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40 regression analysis, comparing species richness summary statistics with those of specific variables, visual patterns begin to emerge (Figures 3-1, 2, 3 & 8). In relation to species richness, the variables whose models had th e highest coefficients of determ ination were primarily salinity markers: soil Cl, EC and S and water Na. So il K, water Fe and water depth also had higher R2 values. The variable with the highest R2-value was soil EC (0.67357), followed by water depth (0.49409), soil Cl (0.48364), water Fe (0.4729), so il K (0.46802), water Na (0.36625) and soil S (0.32061). Most of these statistical models were based on polynomial equations; only soil K and S were exponentially-based (Figure 3-9). For so il EC, soil Cl, water Fe and water Na, there was a trend of high species richness in areas of low elemental concentration, with a gradual decrease in species richness with increase in concentration, and eventually an increase is species richness with further increase in concentration. For wate r depth, soil K and soil S, there was a decrease in species richness with an increase in the respective variables. When multiple variables were placed in a li near model, the components that seemed to have the largest effects on species richness were not centered on salinity markers. The final regression equations were Sp.Rich ~ -3.077 + 0.209 clay + -0.207 so il Cu + 0.012 soil Fe + 28.384 soil N + 0.152 water Fe + -0.021 water Na + -2.935 water NO3 + 0.692 water P + -0.050 water depth (3-1) Sp.Rich ~ -1.040 + -6.313 soil K + 11.734 soil N + -0.302 soil Cu + -0.206 sand + -0.009 soil S + 0.110 water Fe + 2.310 water pH + -0.005 water depth (3-2) Soil N had a strong positive effect on species richness, while soil K had a strong negative effect (Table 3-2). Water pH had a positive effect and soil acidity a negative effect on species richness. Although water depth, water Fe, sand c ontent and clay content were consistently statistically significant in the regression mode ls, their coefficients were quite small.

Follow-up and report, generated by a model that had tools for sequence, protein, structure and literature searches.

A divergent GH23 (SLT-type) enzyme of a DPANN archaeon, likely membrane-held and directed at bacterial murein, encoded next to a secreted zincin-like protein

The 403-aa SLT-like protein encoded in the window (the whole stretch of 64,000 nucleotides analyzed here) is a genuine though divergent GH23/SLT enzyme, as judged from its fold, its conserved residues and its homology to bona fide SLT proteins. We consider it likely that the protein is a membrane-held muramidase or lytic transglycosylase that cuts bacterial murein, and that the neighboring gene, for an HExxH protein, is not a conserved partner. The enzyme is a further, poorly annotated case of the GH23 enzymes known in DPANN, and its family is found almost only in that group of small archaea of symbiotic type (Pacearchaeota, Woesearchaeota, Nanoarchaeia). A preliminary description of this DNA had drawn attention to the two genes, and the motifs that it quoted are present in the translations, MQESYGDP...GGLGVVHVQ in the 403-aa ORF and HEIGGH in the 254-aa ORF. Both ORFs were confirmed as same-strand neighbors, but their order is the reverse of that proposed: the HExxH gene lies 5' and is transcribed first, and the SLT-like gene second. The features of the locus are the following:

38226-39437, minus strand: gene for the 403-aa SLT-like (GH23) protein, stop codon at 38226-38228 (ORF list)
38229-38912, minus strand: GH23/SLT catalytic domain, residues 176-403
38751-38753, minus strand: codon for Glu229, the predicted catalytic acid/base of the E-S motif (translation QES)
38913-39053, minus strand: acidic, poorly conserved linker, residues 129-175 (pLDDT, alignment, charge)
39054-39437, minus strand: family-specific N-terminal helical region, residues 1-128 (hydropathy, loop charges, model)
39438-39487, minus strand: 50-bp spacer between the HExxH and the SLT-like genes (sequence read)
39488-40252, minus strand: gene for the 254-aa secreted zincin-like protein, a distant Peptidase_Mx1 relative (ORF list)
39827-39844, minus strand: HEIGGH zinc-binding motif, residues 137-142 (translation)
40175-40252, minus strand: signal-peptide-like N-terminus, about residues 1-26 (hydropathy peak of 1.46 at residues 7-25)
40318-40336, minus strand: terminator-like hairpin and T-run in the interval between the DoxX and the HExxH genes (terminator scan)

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41 Logistic Regressions of the Most Abundant Species Of the 51 plant species surveyed in the m arshes (Appendix D), the most abundant species found in both the small (1 m2) and large (20 m2) quadrats were Typha domingensis Mimosa pigra Eleocharis spp. Hymenachne amplexicaulis Nymphaea spp. Aniseia martinicensis Echinodorus paniculatus Sarcostemma clausum Croton argenteus Thalia geniculata Cyperus articulatus Oryza latifolia Paspalidium germinatum Despite these species being those generally most abundant, some of them were present only in a few subtransects. Because of this, some species did not return any successful regressions, including some of the more focal species such as M. pigra. A number of the regressions had several statistica lly significant variables, but only a few had this in addition to low residual deviance. T. domingensis Eleocharis spp., Nymphaea spp., A. martinicensis E. paniculatus, S. clausum and T. geniculata all returned statistically significant and good-fitting results for at least one model (F igure 3-10). The regressions for M. pigra, H. amplexicaulis O. latifolia and P. germinatum all had at least one model run suc cessfully, but the results were far from statistically significant. C. argenteus and C. articulatus did not have any successful regression output. The final regr ession equations for the successful models (Figure 3-10) on the presence or absence of these species were Ani.mar ~ -5.276 + -0.138 sand + 0.021 soil Fe + 36.249 soil N + -0.010 soil S + -5.596 water NO3+ 1.561 water pH + 0.390 water PO4 3(3-3)